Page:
6- Circulate around the room: I have seen many teachers who like to teach from their desk. I personally believe this cannot be done with iPads in the classroom. I believe the teacher must walk around the classroom and circulate often when students are working individually. That gives the students the idea of ‘teacher-with-it-ness’ and encourages them to be on-task. Also, arrange the classroom in a way that allows all or most devices to be in view.

7- Prepare backup plans: last semester, I designed a really cool rubric using Numbers (the spreadsheet app). The students were to use this rubric to assess themselves. I uploaded the file on Edmodo, shared it with the class and thought everything was under control. However, many students couldn’t open it because it required the latest version of Numbers, which many of them didn’t have (students don’t always regularly update their apps and their iOS software either). Luckily, I had a few printed copies. Technology does let us down sometimes. The most important thing is: don’t panic in front of students and relax, show them that you control the technology, not the other way around.

8- Use games as an incentive: many teachers I meet disagree with this approach, but I still firmly believe in it. We have to teach our students that there is a time for work and and a time for play, and we need to model that in our classrooms. I always tell my students that they can have free-time to spend on their iPad when they finish their work and it is of ‘high quality’. That ‘high quality’ disclaimer is to encourage them not to rush to finish the task, and it reserves room for your judgment on the quality of their work. I often try to find one or two things they can do to improve their work first before allowing them that free time on the iPad, or even nicely asking the student who finished to help another struggling student for a few minutes first before getting free time.

9- Teach responsibility: ultimately, we need to teach students to be responsible for their own learning. Mobile devices empower the students with a lot of tools that can be useful for learning, but at the end of the day, they have to make the choice of learning or not. I constantly remind my students that ‘I’m responsible for my own teaching, you are responsible for your own learning’. Talk to them about making choices and the consequences of these choices. If they allow themselves to get distracted, ask them to give suggestions for helping them stay on-task, so they feel they have more responsibility over the situation.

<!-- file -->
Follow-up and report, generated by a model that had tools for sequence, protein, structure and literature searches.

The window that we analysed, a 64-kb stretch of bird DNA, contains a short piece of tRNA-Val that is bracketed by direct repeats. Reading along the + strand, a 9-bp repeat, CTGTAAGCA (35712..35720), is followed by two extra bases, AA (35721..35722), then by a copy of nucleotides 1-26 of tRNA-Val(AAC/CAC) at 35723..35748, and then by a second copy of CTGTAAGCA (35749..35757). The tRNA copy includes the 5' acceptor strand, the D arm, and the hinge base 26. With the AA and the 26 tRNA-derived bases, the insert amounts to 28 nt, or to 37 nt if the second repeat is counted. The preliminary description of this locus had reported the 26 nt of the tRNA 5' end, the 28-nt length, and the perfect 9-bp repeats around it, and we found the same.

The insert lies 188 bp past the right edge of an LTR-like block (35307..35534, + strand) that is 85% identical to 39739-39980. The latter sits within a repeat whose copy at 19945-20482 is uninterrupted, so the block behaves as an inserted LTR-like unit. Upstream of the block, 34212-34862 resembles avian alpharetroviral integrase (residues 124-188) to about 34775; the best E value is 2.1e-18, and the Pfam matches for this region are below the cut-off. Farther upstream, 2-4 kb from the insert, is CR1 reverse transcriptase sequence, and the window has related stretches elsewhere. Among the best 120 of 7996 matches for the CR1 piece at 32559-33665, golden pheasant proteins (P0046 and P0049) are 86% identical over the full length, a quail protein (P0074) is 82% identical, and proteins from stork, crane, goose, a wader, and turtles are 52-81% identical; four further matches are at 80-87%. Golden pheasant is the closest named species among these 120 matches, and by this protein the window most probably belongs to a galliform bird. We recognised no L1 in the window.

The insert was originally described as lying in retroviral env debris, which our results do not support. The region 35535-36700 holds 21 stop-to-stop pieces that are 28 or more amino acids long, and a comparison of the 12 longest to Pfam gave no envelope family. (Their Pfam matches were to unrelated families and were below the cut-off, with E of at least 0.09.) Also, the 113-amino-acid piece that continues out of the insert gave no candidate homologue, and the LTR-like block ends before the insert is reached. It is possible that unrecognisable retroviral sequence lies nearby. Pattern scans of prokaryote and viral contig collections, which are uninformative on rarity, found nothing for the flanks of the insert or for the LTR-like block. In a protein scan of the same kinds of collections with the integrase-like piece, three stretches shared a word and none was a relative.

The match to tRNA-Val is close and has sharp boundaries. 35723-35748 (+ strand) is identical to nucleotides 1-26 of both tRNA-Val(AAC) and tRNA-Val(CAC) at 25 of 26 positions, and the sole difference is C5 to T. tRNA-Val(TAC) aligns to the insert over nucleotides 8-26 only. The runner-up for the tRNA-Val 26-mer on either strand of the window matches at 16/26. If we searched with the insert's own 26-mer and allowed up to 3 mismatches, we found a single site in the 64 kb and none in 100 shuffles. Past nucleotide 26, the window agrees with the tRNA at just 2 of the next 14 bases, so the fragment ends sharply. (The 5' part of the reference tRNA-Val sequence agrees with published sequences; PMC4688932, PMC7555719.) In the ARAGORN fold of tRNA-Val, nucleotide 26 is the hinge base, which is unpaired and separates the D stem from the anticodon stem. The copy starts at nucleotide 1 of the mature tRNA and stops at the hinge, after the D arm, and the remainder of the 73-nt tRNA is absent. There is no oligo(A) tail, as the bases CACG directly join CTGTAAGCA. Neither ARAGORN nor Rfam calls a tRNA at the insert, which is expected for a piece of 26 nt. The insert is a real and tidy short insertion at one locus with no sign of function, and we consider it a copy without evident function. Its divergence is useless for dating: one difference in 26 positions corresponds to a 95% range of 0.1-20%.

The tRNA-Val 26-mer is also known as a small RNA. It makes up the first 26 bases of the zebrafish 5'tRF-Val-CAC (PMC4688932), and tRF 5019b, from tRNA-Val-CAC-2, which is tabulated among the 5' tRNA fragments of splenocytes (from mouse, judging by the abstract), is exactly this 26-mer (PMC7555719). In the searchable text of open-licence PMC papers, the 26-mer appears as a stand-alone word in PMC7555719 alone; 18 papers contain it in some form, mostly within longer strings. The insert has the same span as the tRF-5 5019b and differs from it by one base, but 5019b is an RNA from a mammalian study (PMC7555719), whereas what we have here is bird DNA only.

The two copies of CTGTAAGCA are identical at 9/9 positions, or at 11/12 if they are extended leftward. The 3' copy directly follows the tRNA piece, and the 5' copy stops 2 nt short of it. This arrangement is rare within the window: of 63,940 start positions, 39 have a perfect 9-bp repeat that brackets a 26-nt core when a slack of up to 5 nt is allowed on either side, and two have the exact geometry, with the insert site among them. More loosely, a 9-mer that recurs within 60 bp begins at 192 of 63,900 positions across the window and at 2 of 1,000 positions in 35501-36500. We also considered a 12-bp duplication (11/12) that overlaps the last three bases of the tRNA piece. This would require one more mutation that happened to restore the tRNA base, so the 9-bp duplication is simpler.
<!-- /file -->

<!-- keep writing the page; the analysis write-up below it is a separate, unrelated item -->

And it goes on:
10- Use ‘Guided Access’: I have never used ‘Guided Access’ in my class because it is the last resort in my arsenal of strategies. Basically, ‘Guided Access’ is a feature that came with the iOS 6 update where you can disable certain hardware buttons on the student’s iPad (like the home button and lock button for example), and also keep the student focused on one app or one part of the screen. I would advise that you only resort to this strategy when all else fails, and only with the most challenging student/s who just can not stay on-task (keep in mind that this strategy does not teach responsibility and trust). You can also disable the touch-screen through ‘Guided Access’ if you just want the student to focus on reading. Remember to always give a warning first to the student before you resort to ‘Guided Access’. A lot of students fear losing full control over their iPad when you warn them that you will resort to ‘Guided Access’ if they do not stay on-task. Here is a screencast explaining how to use ‘Guided Access’:

To conclude, managing a classroom that uses iPads or other mobile devices presents challenges that are different to traditional classroom challenges. I am constantly seeking suggestions, ideas, and practical tips from other teachers, so please feel free to leave a comment. Happy iPad-ing!